Earlier this week, Patently-O reported that the PTO is issuing patents at a much higher rate in 2010 compared to 2009. Last year the PTO issued 167,349 utility patents or about 3,218 per week. The 2010 rate wasn’t significantly higher in January, but has been increasing as seen in the chart on the Patently-O site. In April 2010, the PTO issued an average of 4,385 utility patents per week, a 35% increase over the 2009 weekly average. If this rate continues, the PTO will issue about 220,000 utility patents in 2010 or over 50,000 more than in 2009.
Is the PTO allowing patents at a higher rate than its notoriously low rates of under 45% in recent years? Probably so, but it’s too early to get a clear indication of where the allowance rate is going. That is, of course, a good sign for applicants and innovators. Patents issuing in the first third of 2010 were probably allowed during the third and fourth quarters of 2009.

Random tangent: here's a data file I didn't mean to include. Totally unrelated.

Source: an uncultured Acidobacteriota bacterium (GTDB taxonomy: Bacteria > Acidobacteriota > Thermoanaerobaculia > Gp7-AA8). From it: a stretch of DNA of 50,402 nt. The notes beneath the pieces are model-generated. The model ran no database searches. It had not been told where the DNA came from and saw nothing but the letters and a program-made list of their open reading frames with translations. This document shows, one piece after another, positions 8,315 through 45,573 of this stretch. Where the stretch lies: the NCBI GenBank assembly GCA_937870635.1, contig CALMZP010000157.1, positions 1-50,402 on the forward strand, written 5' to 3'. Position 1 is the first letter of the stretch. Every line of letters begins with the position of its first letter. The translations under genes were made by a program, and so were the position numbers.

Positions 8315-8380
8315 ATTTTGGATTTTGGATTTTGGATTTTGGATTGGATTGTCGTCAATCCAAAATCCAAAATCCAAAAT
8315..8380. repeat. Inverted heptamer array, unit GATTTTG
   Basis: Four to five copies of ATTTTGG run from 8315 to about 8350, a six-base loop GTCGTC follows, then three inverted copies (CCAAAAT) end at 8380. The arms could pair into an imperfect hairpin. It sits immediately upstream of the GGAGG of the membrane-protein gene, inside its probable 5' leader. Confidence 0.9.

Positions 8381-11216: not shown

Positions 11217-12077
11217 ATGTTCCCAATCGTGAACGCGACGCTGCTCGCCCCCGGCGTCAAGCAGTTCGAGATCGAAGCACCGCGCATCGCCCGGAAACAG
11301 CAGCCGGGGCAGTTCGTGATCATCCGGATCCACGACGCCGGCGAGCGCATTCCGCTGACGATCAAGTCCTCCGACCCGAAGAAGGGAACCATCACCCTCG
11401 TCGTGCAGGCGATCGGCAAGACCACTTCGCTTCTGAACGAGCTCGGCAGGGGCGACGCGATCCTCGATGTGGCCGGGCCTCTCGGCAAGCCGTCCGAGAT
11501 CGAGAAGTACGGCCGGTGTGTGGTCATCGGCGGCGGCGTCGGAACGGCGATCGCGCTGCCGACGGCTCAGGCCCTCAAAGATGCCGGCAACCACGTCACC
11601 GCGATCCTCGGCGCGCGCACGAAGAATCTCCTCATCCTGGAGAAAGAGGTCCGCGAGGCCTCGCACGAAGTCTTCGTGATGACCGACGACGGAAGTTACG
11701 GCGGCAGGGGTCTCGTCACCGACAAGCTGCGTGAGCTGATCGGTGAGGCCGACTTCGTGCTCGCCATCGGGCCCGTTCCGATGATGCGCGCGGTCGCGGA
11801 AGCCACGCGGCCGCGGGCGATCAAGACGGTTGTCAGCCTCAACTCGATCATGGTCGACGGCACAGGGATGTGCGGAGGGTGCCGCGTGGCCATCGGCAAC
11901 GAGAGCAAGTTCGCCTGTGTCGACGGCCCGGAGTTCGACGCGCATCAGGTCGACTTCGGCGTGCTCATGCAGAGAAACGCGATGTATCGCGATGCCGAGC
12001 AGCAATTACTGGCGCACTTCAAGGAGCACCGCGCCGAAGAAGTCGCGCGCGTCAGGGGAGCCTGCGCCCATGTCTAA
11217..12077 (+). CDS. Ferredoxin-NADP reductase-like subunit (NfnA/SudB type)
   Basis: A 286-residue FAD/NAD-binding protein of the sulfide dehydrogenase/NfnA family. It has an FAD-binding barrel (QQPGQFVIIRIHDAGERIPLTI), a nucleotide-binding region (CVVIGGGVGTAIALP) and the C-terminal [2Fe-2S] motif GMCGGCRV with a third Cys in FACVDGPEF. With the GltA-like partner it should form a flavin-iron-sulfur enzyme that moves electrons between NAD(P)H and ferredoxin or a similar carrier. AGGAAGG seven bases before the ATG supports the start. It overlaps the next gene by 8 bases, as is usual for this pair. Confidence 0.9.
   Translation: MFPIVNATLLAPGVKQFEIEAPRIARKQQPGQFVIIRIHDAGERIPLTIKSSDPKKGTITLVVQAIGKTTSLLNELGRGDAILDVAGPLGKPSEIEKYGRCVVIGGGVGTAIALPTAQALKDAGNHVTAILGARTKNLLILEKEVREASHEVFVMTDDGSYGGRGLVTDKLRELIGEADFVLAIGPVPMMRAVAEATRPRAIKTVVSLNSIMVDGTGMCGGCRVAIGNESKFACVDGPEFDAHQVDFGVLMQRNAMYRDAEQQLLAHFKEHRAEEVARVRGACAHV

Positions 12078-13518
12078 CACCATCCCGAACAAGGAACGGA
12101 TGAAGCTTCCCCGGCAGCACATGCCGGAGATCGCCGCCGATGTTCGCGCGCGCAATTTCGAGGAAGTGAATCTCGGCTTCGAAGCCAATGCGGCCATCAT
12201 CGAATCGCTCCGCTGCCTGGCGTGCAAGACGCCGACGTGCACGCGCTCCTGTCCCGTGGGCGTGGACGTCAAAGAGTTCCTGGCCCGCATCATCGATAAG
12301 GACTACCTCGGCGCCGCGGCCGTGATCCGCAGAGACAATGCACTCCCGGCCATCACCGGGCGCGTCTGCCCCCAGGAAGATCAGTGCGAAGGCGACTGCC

Is the PTO making progress on the backlog of over 700,000 unexamined applications? They had made slight headway at the end of FY2009. Again, it’s too early to tell, but this would also be good news.
Other PTO News
In the PTO’s Spring 2010 unified agenda, one of the proposed initiatives under consideration within the Office is to stop issuing ribbon copies of patents and to instead issue them electronically. This would cut patent pendency down by a month or two. It typically takes the PTO 2-4 months (although this time has been decreasing) from the time the Issue Fee is paid until the patent issues. Others have been suggesting issuing patents electronically for a while to reduce pendency. There is no specific information on how or when the PTO may consider this proposal other than to note that applicants who still desire a ribbon copy of their patent can obtain one for an additional fee.
Certainly the Rogan and Dudas years will go down as the dark days at the PTO. Kappos is clearly doing some good work to make improvements in the PTO’s patent business.